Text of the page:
Bishop Barron discusses the estrangement of young former Catholics today

Bishop Robert Barron, auxiliary bishop of the Archdiocese of Los Angeles and founder of Word on Fire, delivered the keynote address for the Cultures of Formation Conference on March 5. In his address, he explained the reasons young people leave the Church, and offered his suggestions to encourage young people to rediscover their faith. The Cultures of Formation Conference was held in anticipation of the upcoming Synod on Young People, the Faith and Vocational Discernment, which will take place this October.

Professor John Cavadini, founder of the McGrath Institute for Church Life, introduced Bishop Barron. Cavadini described Word on Fire as “a global media ministry which has been spreading the message of the New Evangelization since its founding.” He called Bishop Barron “the foremost hero of the New Evangelization.”

Bishop Barron began with his conviction that the upcoming Synod on Young People, the Faith, and Vocational Discernment is more important than the two previous synods of the family. He said, “I think the theme being discussed at the upcoming synod, namely youth, and how we galvanize the youth, how we draw them back into the Church…is a far more pressing issue for the global Church, but most especially for the Church in the West.”

The title of Bishop Barron’s lecture was “Looking for the Nones.” Bishop Barron described the “Nones” as “people who say ‘none of the above’ when asked what their religion is.” He said, “We’ve been much chagrined by the nones. Over 50% of those 30 or younger have left the Church.”

Bishop Barron described the Church as Pope Francis envisions it: “Pope Francis spoke famously of a Church that goes out from itself to the margins… He desired an outreach to those, who are for a variety of reasons, alienated from God.” He characterized Francis’ perspective of the Church as a field hospital, calling the Church “not a clinic, where mild infections are addressed, but rather of a hospital situated close to a field of battle.”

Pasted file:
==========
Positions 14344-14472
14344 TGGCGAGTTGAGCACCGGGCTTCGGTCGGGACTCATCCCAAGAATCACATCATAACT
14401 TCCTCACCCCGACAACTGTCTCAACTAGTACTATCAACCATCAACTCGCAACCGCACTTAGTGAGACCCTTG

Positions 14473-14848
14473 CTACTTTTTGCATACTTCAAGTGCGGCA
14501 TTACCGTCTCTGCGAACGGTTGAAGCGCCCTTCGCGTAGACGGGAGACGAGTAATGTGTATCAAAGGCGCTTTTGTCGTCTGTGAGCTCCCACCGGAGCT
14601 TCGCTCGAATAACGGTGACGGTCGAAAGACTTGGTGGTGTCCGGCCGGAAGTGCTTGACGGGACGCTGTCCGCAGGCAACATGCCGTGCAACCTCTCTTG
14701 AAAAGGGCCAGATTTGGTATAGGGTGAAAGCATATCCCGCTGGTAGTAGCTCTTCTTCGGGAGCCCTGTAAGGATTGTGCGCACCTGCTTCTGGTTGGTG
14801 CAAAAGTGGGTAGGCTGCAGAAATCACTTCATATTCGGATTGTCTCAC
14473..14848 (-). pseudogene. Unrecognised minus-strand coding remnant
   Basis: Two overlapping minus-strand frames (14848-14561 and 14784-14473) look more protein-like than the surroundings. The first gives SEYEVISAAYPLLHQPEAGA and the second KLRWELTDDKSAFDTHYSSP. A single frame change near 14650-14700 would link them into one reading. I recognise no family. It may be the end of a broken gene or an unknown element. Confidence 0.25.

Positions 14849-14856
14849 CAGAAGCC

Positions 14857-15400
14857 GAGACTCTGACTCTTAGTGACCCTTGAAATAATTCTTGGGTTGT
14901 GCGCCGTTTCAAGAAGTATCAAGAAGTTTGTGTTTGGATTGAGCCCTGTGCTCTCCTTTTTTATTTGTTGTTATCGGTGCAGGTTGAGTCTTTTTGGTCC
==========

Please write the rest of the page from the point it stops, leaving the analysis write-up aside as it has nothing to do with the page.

Bishop Barron explained that even objections and questions posed by individuals estranged from the Church are spiritual longings. He based this view on research by Notre Dame Professor of Sociology Christian Smith. The research by Christian Smith and his colleagues at Notre Dame seeks to understand the reasons estranged Catholics have for leaving the Church.

Through his research, Smith came to the conclusion that most individuals who have left the faith still believe in some version of God. Bishop Barron said this reveals these individuals’ hunger for God and their faith. He said, “Anyone doing this realizes that behind the very questions that even the most aggressively anti-religious young people pose is indeed a spiritual longing and fascination.”  

Christian Smith’s research also came to the conclusion that “Formerly Catholic emerging adults tend to be uncomfortable with firm statements about who or what God is.” According to Bishop Barron, this is the result of the relativism prominent in our culture today. Bishop Barron called this is the “huh” or  “whatever” culture.

Barron pointed to a young former Catholic in Smith’s study who exemplifies this “whatever” culture. He said, “I’m so okay with the uncertainty. I think uncertainty is beautiful… the essence of spirituality is ‘being comfortable with questions.’”

Bishop Barron said of this young man’s response: “The quest or questions goes hand in hand with the relativism.” He continued, “I agree, uncertainty can indeed be beautiful, but a permanently open mind is not what we’re looking for.”